Skip to main content
Many King County facilities are closed to the public. Learn how to access services remotely or while practicing social distancing guidelines.  
King County logo



Updated June 5, 2018


Public Health investigated an outbreak of norovirus with nausea, vomiting, and diarrhea associated with Italianissimo Ristorante in Woodinville.


Since May 16, Public Health has learned of 29 people from 12 separate meal parties who became ill after consuming food and beverage from the Italianissimo Ristorante between May 11–15, 2018. Anecdotally, the restaurant received at least eight complaints of illness, which likely includes ill people previously reported to Public Health. Additionally, Public Health has identified at least 5 employees who experienced similar symptoms dating back to May 13.

Public Health actions

On May 16, Environmental Health investigators learned of ill employees from the restaurant management and closed the restaurant for a thorough cleaning and disinfection. Investigators visited the restaurant on May 17 to ensure appropriate disinfection was started and to gather more details about employee illnesses. Ill staff are not allowed to return to work until they are symptom-free for at least 48 hours. In addition, all foods processed prior to the restaurant being cleaned and disinfected were discarded.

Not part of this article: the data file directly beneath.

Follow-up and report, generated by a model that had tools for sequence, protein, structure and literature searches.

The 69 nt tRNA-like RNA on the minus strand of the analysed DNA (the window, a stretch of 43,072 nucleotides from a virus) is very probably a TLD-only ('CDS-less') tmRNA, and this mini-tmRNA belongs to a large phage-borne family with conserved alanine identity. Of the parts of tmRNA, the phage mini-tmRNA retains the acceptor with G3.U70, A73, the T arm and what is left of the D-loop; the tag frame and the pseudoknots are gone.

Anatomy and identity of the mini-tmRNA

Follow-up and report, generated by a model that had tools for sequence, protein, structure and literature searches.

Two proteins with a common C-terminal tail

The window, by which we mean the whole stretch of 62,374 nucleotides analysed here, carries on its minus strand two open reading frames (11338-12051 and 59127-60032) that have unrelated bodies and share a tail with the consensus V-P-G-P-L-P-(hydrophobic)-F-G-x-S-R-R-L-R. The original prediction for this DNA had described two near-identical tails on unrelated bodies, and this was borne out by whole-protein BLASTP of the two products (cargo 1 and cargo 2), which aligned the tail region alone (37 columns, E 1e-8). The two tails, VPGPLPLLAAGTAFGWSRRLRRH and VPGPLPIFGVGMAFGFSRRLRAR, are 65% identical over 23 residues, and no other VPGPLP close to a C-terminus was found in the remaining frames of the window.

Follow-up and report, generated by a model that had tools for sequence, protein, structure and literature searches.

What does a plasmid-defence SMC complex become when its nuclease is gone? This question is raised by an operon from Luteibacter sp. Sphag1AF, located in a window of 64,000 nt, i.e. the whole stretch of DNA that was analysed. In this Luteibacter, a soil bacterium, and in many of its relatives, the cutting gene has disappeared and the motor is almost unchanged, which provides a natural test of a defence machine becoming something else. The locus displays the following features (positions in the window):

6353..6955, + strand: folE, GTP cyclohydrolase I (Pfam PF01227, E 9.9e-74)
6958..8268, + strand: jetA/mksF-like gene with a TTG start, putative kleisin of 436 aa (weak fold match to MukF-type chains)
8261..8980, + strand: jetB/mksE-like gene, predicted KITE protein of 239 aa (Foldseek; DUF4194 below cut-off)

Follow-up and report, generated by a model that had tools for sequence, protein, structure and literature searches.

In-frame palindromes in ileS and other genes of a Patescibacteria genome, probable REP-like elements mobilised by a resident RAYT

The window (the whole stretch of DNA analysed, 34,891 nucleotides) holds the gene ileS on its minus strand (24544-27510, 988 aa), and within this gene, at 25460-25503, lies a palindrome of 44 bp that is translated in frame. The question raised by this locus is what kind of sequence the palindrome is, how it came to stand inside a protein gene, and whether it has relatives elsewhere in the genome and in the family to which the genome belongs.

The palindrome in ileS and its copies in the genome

Investigators revisited the restaurant on May 18 to confirm cleaning and disinfection was completed appropriately and the restaurant was allowed to re-open to the public. Investigators reviewed the requirement that ill staff are not allowed to work until they are symptom-free for at least 48 hours, and provided education about preventing the spread of norovirus — including proper handwashing and forbidding bare hand contact with ready-to-eat foods.

Laboratory testing

We do not have lab confirmation for the people who got sick. Often in norovirus outbreaks, no laboratory testing is done. The exact food or drink item that caused the illness has not been identified, though this is not uncommon for norovirus outbreaks where multiple food items may be contaminated.

Report possible foodborne illness

About norovirus

  • Norovirus is a highly contagious virus that frequently spreads person-to-person and is often associated with food. Norovirus illness often has a sudden onset of nausea and vomiting and/or watery diarrhea with cramps. A low-grade fever, chills, and body aches sometimes occur.
  • Norovirus rarely causes severe complications. Dehydration is the most common complication, particularly among young children and the elderly. No vaccine is available for norovirus.


General advice for reducing risk of contracting norovirus:

  • Wash hands, cutting boards, and counters used for food preparation immediately after use to avoid cross-contamination of other foods.
  • Wash hands thoroughly with soap after using the bathroom or changing diapers, and before preparing any food or eating.
  • Wait at least 48 hours after the last episode of vomiting and/or diarrhea before preparing any food for others.

More information about norovirus

Link/share this page at